We need to ensure the experience looks good, feels right, and has everything the service participants need. And we need a process that gets the right information into the right hands at the right moment.

Think of an online chat capability for an e-commerce site—a tool customers use to ask about product details.

In a conventional UX approach, we’d focus on the bits. What does the chat window look like? How are messages displayed? What’s the noise or vibration it makes when a new message comes in? All of this is designed. All of it is intentional on our part.

Service design extends this scenario. When we push beyond conventional UX into service design, we now want to think about the experience of what is said in that chat window. How will the customer indicate which product they’re interested in? What will the customer service rep say in return? Is it scripted? Is there a research tool for the rep?

These details of the conversation go beyond conventional UX work, but are the centerpiece of service design work. That shift changes everything. Deep down, it’s the same interaction: using the chat window to find out info about a product. But our scope of design has extended into the service.

Extending UX Practices

Let’s look at user research: Today, many organizations conduct usability tests as their primary user research activity. They put their users in front of their digital designs and watch what happens. From this, they learn what works and what doesn’t, giving them insight in how to make the design better.

In service design, user research is still about learning what works and what doesn’t. Teams practicing service design still glean insight on how to make the design better from their user research. User research goals in service design are familiar to anyone practicing conventional user experience work.

However, to achieve these goals, we must extend our user research practices. Usability tests won’t work, because we’re not watching someone interact with a screen. They’re interacting with others. The simulated laboratory of the usability test won’t tell us the difference between a Friday and a Saturday at the auto repair shop.

For that, we need to go into the field. We need to use a full toolkit of ethnographic techniques. We may want to employ a Day In The Life study, or mobile ethnography. We’ll look beyond just the customer and explore the experiences of all the participants, including stakeholders and ancillary service personnel, such as a wholesale product buyer.

User research isn’t the only aspect of digital UX practice that we need to change when we start doing service design work. We need to look at how we prototype services, how we think about the information organized in the service delivery, how the service looks, and what behaviors we want each party to have when interacting in our designed experience.

It sounds like a lot. It is. But it’s not difficult to master. First, we learn the terminology and tools. Then, we practice them. With enough practice, it will feel natural.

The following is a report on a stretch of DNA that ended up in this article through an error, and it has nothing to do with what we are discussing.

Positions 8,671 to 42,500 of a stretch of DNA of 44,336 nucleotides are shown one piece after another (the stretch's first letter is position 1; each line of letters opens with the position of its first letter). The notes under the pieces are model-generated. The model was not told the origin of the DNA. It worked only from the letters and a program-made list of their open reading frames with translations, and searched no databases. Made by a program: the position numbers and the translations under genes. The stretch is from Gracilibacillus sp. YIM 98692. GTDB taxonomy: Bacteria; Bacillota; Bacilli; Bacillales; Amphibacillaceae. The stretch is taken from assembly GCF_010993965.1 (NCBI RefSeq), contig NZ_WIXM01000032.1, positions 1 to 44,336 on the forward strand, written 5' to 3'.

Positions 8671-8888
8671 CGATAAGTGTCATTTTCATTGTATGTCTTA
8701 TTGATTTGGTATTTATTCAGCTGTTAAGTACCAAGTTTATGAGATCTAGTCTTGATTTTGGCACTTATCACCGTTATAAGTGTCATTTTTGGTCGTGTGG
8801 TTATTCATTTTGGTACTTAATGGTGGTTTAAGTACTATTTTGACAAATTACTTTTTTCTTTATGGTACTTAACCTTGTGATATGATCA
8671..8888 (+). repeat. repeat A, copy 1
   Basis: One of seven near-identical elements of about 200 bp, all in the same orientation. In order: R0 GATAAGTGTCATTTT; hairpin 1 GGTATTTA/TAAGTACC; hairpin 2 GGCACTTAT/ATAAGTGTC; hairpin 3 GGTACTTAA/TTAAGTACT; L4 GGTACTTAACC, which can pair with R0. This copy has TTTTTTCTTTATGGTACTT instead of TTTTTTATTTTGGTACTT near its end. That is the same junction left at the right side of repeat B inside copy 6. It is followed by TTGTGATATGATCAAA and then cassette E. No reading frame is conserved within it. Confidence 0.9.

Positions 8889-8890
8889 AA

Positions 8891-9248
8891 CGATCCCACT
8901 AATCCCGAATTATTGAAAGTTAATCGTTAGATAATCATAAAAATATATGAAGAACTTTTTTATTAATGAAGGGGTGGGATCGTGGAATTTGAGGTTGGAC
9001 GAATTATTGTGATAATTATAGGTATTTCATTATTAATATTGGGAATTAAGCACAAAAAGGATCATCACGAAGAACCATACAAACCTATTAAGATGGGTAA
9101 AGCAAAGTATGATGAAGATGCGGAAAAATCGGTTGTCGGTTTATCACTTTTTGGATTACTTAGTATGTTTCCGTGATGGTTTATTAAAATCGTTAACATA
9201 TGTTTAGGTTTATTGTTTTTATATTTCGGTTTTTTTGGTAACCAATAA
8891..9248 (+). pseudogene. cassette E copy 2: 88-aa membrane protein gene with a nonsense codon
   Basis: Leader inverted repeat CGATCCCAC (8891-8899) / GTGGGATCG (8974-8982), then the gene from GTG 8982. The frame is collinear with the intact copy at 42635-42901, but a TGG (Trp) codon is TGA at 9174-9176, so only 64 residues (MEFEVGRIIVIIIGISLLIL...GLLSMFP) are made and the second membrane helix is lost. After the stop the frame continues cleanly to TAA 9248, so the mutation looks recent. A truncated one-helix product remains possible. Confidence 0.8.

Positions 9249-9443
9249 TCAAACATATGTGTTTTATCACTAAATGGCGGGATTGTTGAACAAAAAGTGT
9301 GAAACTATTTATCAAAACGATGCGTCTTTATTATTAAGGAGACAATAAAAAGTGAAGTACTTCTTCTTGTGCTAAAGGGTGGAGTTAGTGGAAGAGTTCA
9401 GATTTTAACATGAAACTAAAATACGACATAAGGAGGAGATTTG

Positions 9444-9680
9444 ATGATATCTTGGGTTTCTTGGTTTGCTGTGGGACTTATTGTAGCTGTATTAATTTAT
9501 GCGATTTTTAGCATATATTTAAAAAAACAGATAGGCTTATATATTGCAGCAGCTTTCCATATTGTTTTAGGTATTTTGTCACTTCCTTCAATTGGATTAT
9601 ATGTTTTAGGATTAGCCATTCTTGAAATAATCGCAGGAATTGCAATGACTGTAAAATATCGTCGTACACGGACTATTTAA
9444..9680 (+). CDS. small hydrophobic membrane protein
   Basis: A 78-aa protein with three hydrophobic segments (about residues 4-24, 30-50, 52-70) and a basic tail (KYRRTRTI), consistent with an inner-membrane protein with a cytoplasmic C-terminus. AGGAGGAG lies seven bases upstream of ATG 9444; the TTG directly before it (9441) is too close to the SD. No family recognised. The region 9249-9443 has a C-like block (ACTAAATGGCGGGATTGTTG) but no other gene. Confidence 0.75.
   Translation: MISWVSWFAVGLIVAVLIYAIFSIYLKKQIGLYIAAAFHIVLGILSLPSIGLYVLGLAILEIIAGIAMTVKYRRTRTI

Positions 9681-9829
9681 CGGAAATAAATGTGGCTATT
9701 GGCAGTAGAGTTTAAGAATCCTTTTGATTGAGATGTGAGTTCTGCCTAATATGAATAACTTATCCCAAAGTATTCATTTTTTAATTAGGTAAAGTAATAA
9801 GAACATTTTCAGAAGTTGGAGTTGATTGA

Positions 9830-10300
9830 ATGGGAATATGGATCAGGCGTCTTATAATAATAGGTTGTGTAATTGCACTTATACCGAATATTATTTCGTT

Service Design is Unavoidable Today

Just like 20 years ago when our team visited the auto repair shop, teams today will get pulled into non-digital service design. It’s unavoidable.

As digital technology becomes more integrated into our overall experiences, we’ll need to start thinking about how our customers and employees flow from one area to another. We’re no longer in a world when we can design for just a single isolated online interaction, not thinking about what happened before that interaction or what happens after. And, we’re no longer in a world where we believe that every before-interaction and every after-interaction only happened online.

We’re now in a world where digital and non-digital are merging. And we need to be prepared to design in that overall experience.

Service design is no longer a “nice-to-know, someday we might do this” kind of thing. It’s become a “today, this is how we compete and produce the best damn experience for our customer” kind of thing.

As UX professionals, we need the skills and techniques of service design in our toolkit. Acquiring them will push us beyond what’s familiar to us. And that’s a good thing.

Planning The Ideal UX Leadership Offsite Is Hard

December 4, 2018

Imagine you could put together the perfect UX team leadership offsite. Two days full days, where you and your team focus on choosing strategies that grow the importance of design in your organization. Your team would review what everyone is doing well and where the team needs to up their game.

In these two days, your group would explore your team’s work from multiple dimensions:

  • Where can your team have a greater influence on your organization?
  • How would your team advance better design in your organization?
  • Where can you improve the products and services you’ve been working to deliver?
  • How might you improve the capabilities of your team, so they’re better prepared to the handle bigger challenges that the future holds?

Over these two days, you and your team would conduct some serious reflection. There would be some difficult topics to explore and some hard discussions.